Survey finds teachers working more

 

Second level teachers now work an average of 46 hours a week - even though they are only paid for 22 hours, according to a new survey commissioned by the Teachers' Union of Ireland (TUI).

The Behaviour & Attitudes study found teachers spend 24 hours per week working outside timetabled teaching hours. For a teacher on full (22) hours, this equates to a 46 hour week.

Some 80 per cent of teachers said discipline and conflict issues are on the increase, to the extent that they are distracting from the core business of teaching and learning.

The TUI said teachers are working harder than ever but that the profession had been demoralised by pay cuts and cutbacks in schools.

Yesterday, the TUI executive voted to reject the public service reform deal. The union leadership said it would also recommend rejection of the deal at next week's annual conference in Ennis, Co Clare.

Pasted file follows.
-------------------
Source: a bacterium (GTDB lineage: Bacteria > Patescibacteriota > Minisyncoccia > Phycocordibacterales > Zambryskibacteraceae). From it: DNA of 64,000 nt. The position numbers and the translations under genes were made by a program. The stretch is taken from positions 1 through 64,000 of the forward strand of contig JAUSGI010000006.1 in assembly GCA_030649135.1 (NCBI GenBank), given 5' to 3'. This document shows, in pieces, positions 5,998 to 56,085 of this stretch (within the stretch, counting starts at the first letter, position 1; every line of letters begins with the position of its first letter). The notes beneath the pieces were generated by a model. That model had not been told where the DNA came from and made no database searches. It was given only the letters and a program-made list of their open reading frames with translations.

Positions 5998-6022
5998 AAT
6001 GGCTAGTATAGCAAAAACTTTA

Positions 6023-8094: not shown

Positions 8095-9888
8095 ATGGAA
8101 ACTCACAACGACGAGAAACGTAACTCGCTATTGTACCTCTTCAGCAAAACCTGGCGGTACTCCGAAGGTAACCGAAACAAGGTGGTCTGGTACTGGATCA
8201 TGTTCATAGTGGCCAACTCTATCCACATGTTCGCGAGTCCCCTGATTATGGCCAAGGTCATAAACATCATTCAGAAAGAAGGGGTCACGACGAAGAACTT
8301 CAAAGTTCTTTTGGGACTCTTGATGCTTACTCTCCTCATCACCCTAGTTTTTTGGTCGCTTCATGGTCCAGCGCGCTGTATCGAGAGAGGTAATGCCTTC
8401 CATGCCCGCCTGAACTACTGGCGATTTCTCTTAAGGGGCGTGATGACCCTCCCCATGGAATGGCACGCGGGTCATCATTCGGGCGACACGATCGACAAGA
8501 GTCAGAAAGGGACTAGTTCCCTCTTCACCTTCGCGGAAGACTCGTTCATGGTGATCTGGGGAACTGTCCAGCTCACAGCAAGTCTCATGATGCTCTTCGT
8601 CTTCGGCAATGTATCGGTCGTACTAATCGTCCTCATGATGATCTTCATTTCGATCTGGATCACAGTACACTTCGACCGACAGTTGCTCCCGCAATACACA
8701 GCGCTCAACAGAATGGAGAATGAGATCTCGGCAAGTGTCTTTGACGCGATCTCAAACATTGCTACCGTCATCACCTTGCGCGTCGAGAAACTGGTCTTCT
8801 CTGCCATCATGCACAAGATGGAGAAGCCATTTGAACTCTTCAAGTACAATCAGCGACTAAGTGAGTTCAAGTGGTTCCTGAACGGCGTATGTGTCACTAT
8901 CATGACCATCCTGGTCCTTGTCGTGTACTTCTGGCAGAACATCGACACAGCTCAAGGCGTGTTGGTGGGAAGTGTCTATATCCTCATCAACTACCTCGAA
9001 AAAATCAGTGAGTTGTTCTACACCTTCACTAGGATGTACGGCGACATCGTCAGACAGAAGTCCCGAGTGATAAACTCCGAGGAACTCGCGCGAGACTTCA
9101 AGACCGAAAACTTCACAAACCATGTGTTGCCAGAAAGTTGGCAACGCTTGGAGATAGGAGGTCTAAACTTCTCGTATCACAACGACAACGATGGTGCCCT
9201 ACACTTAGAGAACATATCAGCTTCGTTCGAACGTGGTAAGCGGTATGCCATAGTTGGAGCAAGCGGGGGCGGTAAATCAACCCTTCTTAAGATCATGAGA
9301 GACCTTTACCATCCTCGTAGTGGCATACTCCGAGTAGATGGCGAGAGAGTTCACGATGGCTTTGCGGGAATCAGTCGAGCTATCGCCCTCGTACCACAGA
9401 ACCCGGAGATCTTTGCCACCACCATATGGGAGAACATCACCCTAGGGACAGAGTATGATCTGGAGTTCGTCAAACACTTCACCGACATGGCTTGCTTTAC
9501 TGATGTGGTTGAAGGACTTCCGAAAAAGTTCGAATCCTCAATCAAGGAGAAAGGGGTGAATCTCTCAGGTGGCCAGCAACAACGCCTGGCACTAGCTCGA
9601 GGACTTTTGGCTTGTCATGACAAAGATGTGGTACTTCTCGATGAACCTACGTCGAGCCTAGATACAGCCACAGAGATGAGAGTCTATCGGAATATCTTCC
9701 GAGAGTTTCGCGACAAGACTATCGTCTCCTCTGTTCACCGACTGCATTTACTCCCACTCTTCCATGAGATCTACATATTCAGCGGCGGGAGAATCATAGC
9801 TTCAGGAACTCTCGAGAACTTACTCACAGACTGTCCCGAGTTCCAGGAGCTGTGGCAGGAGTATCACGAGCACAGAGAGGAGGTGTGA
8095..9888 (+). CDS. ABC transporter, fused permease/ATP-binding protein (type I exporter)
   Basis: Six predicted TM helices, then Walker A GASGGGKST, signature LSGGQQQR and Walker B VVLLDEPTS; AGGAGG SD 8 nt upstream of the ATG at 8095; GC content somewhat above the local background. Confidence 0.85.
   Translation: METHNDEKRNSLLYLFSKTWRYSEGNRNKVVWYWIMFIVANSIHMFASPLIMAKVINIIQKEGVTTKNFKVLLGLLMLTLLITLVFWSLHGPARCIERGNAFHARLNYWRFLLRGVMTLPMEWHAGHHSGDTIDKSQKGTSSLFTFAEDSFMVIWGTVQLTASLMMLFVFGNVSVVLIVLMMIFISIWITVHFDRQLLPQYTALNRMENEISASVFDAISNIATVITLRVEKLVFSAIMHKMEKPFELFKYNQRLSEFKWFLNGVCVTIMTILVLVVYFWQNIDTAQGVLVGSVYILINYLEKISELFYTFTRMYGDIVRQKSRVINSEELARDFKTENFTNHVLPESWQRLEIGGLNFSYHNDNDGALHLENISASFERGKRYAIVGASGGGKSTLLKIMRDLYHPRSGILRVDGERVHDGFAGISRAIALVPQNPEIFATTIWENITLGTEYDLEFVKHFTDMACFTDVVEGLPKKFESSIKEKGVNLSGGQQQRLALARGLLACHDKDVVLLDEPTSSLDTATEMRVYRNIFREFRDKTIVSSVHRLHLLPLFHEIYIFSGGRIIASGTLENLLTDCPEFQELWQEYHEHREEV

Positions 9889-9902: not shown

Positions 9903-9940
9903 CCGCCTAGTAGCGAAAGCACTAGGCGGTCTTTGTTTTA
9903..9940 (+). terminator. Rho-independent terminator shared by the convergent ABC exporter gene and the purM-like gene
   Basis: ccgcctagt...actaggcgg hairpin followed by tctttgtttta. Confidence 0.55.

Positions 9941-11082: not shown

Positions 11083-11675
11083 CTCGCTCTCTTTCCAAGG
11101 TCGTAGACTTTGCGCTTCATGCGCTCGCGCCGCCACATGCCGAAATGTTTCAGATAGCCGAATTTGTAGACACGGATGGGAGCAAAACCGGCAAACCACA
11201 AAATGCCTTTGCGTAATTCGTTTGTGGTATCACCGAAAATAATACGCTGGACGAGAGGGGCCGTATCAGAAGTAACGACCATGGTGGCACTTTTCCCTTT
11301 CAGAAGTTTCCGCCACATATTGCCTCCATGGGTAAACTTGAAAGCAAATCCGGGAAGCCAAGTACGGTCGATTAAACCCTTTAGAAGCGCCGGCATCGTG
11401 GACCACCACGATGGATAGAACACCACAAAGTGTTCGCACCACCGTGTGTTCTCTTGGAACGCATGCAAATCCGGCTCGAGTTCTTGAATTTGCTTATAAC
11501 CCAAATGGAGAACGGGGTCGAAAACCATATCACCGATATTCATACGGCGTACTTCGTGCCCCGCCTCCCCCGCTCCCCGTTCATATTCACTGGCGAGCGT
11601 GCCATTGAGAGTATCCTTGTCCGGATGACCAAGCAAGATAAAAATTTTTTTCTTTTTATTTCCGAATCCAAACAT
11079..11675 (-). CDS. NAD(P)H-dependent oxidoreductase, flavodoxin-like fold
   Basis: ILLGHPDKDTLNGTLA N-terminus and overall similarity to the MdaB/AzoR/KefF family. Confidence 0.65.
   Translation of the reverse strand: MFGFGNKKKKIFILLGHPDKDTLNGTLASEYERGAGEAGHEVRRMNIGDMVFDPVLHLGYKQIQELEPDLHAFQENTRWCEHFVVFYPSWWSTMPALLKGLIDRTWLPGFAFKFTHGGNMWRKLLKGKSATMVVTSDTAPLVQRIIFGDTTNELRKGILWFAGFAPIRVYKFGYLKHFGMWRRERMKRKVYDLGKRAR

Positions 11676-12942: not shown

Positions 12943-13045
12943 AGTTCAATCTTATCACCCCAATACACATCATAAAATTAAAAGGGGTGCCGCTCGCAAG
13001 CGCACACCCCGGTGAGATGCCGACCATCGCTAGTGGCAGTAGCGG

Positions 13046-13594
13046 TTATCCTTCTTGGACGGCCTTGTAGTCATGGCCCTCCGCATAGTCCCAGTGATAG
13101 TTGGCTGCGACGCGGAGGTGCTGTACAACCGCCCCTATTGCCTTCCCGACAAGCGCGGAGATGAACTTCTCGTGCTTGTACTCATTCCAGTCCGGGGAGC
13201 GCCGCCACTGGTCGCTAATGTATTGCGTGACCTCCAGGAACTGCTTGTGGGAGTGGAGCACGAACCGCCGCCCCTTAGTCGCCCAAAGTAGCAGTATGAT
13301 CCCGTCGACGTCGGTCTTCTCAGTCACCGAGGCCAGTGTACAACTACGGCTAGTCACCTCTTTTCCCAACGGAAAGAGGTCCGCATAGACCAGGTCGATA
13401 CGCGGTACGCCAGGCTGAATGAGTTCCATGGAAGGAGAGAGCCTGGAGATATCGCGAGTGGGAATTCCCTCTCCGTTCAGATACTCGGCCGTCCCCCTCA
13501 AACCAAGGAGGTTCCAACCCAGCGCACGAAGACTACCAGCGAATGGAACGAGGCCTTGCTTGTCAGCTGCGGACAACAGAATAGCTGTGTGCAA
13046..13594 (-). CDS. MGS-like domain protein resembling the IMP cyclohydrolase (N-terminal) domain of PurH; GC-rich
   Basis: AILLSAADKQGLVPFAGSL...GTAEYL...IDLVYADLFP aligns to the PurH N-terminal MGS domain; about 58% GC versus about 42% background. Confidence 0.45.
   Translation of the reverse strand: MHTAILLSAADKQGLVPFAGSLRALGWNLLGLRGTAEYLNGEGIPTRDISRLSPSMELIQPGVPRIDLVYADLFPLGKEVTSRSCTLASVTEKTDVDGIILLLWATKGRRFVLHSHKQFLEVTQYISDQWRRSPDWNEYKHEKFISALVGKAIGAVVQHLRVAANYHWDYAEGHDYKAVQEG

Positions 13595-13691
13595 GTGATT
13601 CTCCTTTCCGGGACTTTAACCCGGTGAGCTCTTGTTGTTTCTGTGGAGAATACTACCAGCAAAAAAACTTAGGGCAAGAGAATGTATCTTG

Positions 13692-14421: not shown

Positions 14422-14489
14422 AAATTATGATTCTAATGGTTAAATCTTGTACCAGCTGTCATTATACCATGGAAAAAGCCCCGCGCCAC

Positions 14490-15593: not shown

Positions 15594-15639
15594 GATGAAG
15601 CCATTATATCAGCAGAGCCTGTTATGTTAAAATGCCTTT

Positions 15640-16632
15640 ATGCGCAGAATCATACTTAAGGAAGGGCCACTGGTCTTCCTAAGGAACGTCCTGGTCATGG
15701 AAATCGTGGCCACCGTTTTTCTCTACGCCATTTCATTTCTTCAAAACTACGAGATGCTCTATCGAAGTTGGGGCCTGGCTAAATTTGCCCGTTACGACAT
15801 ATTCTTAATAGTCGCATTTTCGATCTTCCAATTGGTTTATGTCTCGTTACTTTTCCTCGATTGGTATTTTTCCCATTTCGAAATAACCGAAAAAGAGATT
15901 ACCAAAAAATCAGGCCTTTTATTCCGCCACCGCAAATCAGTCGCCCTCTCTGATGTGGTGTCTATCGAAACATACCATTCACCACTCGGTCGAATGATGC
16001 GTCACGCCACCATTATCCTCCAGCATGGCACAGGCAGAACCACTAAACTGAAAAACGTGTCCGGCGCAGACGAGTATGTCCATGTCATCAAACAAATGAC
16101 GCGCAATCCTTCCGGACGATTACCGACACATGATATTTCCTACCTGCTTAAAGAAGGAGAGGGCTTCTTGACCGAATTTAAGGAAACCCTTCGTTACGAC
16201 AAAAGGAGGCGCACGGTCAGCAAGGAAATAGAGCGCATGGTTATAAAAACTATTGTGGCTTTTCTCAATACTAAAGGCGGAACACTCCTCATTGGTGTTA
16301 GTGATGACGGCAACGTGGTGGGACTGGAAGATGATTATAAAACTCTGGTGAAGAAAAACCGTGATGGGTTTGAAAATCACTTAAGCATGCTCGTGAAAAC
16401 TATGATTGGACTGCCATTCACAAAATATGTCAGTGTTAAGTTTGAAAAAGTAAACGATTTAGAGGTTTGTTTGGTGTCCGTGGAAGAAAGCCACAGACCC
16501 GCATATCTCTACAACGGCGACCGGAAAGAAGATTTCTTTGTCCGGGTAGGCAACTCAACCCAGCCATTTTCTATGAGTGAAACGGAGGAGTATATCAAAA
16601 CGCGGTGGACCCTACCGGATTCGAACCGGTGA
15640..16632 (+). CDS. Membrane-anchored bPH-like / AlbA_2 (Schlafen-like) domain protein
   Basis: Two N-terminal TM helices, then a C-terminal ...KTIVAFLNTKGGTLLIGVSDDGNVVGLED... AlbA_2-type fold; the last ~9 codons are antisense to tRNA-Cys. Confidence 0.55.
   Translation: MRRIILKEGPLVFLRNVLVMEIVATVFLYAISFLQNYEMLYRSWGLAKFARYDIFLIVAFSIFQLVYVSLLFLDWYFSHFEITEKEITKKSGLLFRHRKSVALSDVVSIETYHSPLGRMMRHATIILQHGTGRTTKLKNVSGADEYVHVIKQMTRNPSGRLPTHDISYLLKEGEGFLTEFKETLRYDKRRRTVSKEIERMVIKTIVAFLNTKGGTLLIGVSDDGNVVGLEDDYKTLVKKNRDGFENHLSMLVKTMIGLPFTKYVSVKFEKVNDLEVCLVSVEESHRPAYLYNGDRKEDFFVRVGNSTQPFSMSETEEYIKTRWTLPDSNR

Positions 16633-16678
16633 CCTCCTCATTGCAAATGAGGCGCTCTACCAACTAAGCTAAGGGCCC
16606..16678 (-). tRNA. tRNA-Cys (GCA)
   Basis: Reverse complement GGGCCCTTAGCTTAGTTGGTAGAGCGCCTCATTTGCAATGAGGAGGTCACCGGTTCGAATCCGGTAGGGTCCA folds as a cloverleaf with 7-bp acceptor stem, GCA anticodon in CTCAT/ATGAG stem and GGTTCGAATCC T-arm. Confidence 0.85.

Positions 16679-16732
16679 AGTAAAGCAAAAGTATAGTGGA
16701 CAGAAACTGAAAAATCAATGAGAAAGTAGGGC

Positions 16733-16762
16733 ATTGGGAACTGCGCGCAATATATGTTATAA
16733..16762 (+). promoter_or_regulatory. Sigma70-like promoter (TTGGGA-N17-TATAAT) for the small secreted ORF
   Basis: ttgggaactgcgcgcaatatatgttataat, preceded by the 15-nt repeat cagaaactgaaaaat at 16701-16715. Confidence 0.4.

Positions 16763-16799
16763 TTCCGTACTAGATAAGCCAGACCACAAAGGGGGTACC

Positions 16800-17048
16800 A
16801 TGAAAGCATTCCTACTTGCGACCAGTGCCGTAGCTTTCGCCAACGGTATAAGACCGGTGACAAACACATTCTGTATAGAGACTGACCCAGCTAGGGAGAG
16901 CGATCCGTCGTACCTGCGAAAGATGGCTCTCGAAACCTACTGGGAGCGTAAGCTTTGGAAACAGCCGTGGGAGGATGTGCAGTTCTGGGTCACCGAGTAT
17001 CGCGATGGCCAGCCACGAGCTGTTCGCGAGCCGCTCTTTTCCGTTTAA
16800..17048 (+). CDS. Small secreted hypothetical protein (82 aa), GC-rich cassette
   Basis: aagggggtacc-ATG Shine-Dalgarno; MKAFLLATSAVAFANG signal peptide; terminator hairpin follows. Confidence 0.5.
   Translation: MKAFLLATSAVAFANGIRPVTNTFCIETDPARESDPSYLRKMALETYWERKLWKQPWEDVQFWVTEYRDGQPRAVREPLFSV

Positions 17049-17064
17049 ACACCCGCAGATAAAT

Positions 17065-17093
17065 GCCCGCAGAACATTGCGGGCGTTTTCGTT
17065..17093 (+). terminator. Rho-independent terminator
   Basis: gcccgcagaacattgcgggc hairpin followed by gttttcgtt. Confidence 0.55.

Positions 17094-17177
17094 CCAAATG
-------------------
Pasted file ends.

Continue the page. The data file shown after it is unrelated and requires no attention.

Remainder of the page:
Key findings of the survey include:

  • Teachers work an average between 43 and 46 hours a week during term time
  •  81 per cent indicated discipline problems now take up considerable time
  •  87 per cent of teachers reported an increase in the carrying out of administrative duties over last five years
  •  72 per cent of teachers felt that supporting special needs students had increased their workload in the last five years
  •  48 per cent of teachers under the age of 35 and 45 per cent of teachers between 35 and 44 are involved in extracurricular sports activities.

TUI general secretary Peter MacMenamin said the survey findings came as no surprise to the union.

“Teaching is in many ways a demoralised profession in 2010. 1,200 teachers have lost their jobs at second level alone as a result of the education cutbacks. Pay has been reduced by up to 20 per cent when the pension levy, pay cut and non-payment of an agreed increase are factored in.”

“Resources to schools have been cut; promotional opportunities have been eliminated by a block on appointments, while a marked increase in disruption problems as a result of a rapidly changing social climate means teachers are working harder than ever,” Mr MacMenamin said.